Police detachments across the country have launched investigations into hate-filled messages delivered to Jewish centres during Hanukkah.

Chabad Lubavitch of Alberta in southeast Calgary received a letter last week that called for death to all Jews and included images of a swastika and a blood-covered Star of David. Officials with the synagogue reported the matter to police and handed the letter over for examination.

Similar letters and posters have been sent to synagogues in Edmonton as well as Jewish centres located in British Columbia, Ontario and Quebec. At least 12 letters have been reported to police in Canada.

Rabbi Menachem Matusof of Chabad Lubavitch says hatred targeting the Jewish people has occurred throughout history and the community will continue to find strength in the teachings found during the festival of light.

“It was very disturbing that, in the holiday of Hanukkah where the message of Hanukkah is freedom of expression, freedom of religion, live and let live which raise a universal message, that this is taking place,” said Rabbi Matusof. “It’s very painful that hatred is still there and it shouldn’t be tolerated.”

The rabbi adds the origin of the festival of light was in response to intolerance.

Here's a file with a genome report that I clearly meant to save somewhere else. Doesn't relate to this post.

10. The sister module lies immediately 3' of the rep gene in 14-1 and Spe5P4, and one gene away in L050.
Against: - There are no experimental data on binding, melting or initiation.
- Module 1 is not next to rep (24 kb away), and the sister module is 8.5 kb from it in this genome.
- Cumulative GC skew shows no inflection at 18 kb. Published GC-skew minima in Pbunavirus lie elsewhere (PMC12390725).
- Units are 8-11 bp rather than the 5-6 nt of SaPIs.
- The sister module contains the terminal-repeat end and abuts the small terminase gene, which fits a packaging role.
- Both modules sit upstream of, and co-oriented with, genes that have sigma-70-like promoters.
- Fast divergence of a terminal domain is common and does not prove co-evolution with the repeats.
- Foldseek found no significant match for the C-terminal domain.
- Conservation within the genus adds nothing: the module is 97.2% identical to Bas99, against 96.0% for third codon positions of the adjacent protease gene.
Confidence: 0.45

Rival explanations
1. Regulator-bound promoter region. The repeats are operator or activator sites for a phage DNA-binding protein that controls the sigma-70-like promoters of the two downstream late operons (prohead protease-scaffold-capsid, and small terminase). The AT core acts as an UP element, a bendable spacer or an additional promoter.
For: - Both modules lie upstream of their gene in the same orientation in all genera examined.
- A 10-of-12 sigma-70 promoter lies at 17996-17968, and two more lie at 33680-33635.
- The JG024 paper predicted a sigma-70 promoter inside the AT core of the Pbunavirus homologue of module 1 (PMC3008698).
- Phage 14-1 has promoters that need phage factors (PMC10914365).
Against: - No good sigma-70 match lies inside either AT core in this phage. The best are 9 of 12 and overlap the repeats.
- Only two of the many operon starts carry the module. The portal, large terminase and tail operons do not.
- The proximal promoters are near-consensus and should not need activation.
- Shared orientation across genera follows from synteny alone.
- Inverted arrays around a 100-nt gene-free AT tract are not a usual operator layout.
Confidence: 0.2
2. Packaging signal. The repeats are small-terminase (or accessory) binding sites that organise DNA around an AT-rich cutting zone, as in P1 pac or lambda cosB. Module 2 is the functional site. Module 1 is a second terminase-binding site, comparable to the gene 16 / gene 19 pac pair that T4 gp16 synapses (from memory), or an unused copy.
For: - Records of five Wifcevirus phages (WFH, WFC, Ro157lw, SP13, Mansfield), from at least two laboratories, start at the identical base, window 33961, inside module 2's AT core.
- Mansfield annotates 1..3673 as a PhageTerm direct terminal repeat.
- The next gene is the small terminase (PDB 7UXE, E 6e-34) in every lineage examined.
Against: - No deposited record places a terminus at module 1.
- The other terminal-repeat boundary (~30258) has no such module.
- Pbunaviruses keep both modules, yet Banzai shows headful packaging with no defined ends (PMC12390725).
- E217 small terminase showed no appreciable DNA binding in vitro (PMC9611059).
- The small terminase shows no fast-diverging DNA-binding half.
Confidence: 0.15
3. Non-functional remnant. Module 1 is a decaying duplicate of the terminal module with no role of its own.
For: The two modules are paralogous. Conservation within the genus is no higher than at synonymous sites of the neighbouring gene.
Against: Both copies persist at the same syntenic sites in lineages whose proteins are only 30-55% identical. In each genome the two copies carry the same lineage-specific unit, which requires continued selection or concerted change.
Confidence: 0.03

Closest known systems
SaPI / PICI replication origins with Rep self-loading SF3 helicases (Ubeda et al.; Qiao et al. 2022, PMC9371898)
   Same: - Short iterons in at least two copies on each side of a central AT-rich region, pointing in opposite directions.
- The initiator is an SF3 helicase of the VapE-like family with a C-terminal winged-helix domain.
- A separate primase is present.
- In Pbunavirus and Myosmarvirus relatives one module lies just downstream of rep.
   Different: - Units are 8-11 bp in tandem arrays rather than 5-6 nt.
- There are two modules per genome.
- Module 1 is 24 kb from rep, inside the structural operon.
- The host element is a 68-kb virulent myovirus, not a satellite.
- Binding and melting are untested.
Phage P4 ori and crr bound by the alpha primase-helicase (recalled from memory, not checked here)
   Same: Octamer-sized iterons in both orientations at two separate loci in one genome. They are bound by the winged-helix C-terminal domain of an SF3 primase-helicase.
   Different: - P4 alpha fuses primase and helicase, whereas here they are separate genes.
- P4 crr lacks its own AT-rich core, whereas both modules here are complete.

“Hanukkah started with a handful of people who stood up against a regime who did not allow them to practice their own religion in their own city, in their own country.”

Doug King, a professor of Justice Studies at Mount Royal University, says there are two provisions under the Criminal Code of Calgary, the willful promotion of hatred in a public communication and the willful promotion of genocide, and either could result in indictable charges related to hate crimes.

“The first thing that the police are going to have to determine is trying to figure out if the letter was actually generated here in Canada or if it came from outside Canada,” said King.“It could easily be that it’s a group that is sending propaganda out. It could also be that it just might be an individual who is carrying out some kind of personal agenda.”

Rabbi Matusof continues to promote a message of tolerance and harmony.

“We need to educate our children and our youth and our neighbours that it’s okay to be different and it’s okay to practice and not everyone needs to be the same.”

With files from CTV’s Stephanie Wiebe